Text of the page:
Some would say the guilt might be punishment enough, but that doesn't help the child who's life has been irrevocably damaged/changed to the point that they'll never have the opportunity of reaching their full potential or to be who they could of been or should have been had those totally avoidable choices not have been made.

  10. #188
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    Whenever the topic of an unborn baby's personhood is discussed I struggle immensely with my mixed feelings. It's probably the topic I'm most confused and conflicted over. On one hand my heart says that a baby that can live without the mother (which is now around 22/23 weeks) should have personhood. My heart also says that if you can't stop using drugs or drinking (obviously I'm not talking about a drink a week) then you either abort at 12 weeks, or you clean up your act for your baby if you choose to keep it. The baby didn't choose to be conceived or be given disabilities.

    Then my logical side says that this would lead to criminality and women would be even more unlikely to seek help. There will be more dumped babies, addicts in jail instead of in rehab. I've worked with quite a few girls and women who were addicts and pg. Most carried immense shame that they weren't strong enough to stop.

    So yeah. I don't know where I stand.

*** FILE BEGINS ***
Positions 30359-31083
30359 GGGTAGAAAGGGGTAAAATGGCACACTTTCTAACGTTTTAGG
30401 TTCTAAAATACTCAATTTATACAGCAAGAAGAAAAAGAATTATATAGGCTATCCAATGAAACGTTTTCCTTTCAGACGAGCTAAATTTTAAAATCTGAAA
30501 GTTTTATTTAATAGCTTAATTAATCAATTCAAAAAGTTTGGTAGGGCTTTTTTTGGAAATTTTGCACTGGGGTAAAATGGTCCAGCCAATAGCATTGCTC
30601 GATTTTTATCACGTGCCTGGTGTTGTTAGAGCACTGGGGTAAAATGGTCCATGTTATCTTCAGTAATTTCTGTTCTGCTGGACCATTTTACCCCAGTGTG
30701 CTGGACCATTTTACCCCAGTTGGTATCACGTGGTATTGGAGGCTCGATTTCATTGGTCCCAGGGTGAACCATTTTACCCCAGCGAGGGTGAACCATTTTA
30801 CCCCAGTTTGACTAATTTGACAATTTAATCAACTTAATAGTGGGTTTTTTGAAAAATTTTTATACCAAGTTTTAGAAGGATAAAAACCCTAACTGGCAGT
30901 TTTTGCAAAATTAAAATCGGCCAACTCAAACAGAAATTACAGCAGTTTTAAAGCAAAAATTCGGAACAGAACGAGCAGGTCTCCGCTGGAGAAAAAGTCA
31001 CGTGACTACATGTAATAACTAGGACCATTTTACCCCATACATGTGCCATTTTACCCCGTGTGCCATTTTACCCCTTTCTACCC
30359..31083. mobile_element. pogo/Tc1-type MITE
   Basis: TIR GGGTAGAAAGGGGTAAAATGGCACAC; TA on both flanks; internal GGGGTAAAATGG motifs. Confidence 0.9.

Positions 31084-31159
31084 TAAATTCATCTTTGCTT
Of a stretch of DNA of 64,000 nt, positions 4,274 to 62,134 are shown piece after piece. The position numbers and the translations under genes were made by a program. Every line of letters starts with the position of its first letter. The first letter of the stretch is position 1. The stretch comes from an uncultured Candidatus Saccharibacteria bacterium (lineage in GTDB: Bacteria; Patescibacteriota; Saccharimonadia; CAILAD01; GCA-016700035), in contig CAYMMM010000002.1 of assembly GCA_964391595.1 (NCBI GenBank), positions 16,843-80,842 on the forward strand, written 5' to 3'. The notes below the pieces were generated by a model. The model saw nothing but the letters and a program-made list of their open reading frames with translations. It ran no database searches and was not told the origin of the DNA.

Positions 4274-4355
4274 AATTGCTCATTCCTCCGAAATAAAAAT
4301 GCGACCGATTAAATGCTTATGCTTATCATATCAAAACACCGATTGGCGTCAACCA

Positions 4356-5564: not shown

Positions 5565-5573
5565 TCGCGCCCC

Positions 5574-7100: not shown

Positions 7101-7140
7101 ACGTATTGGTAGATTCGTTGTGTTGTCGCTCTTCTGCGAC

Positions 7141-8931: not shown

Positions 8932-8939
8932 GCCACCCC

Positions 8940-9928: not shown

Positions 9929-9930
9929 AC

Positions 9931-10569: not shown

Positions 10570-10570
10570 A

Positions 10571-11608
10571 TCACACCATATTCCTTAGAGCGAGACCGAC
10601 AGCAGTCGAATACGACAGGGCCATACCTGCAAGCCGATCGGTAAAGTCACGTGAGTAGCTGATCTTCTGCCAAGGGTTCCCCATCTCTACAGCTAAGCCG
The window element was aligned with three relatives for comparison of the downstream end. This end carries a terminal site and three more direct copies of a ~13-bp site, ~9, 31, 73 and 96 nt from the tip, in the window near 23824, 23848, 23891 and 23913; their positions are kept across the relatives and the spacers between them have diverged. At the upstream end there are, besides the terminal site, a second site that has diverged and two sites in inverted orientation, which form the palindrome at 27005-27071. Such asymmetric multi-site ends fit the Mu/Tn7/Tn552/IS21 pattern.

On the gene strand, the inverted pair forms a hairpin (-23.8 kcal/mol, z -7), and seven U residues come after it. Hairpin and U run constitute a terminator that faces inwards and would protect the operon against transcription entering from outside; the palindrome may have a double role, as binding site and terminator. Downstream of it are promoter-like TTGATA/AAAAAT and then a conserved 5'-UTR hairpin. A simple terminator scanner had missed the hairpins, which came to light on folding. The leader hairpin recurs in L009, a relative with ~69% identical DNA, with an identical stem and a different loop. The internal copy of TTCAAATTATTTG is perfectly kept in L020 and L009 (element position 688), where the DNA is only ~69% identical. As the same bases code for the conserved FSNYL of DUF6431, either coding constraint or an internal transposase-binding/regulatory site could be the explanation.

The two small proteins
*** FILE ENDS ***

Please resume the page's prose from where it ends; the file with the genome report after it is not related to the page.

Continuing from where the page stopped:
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  12. #189
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    Default FAS-D on 4 Corners

    I chose this link as it has links to the actual news articles I was reminded of reading sunnygirl and meredithgrey's posts, how there is an increase in women enquiring about abortions as they fear they have damaged their baby by drinking before they knew they were pregnant. It's definitely worth considering that there is probably some unnecessary fear being instilled by the media.

    https://fasdprevention.wordpress.com...ncy-awareness/
    Last edited by HollyGolightly81; 05-11-2015 at 17:22.

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  14. #190
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    Quote Originally Posted by Mod-Degrassi View Post
    There were a few different kids featured.

    One girl who was featured was only about 9 or 10 from memory, and she's cared for by her birth mother, who genuinely seems remorseful and is doing her best to care for her needs.

    Another young lady is now 25 years of age and was fostered out at age 15 because her behaviour was beyond her mother's control. This young lady still lives with her foster carer.

    There was a fellow about 30 years of age who struggles daily and uses drugs and alcohol to cope with feeling suicidal every day. I'm unsure of his care situation, but his mother was interviewed.

    They also featured briefly some children in an Aboriginal community where FAS-D was rife. A teenage boy who was profoundly effected was cared for by his father, the mother was out of the picture.
    There was also an example from New Zealand where a man's murder conviction was recently overturned because he was found to have FASD. They showed a video of when they took him to the crime scene. It made me feel a bit sick, he CLEARLY had no clue where the crime took place and they prompted him about where it was.

    The Aboriginal man you referred to is incarcerated in WA for murder. Even the victim's mother doesn't believe the man is guilty and is hoping to get his conviction overturned. It was really sad!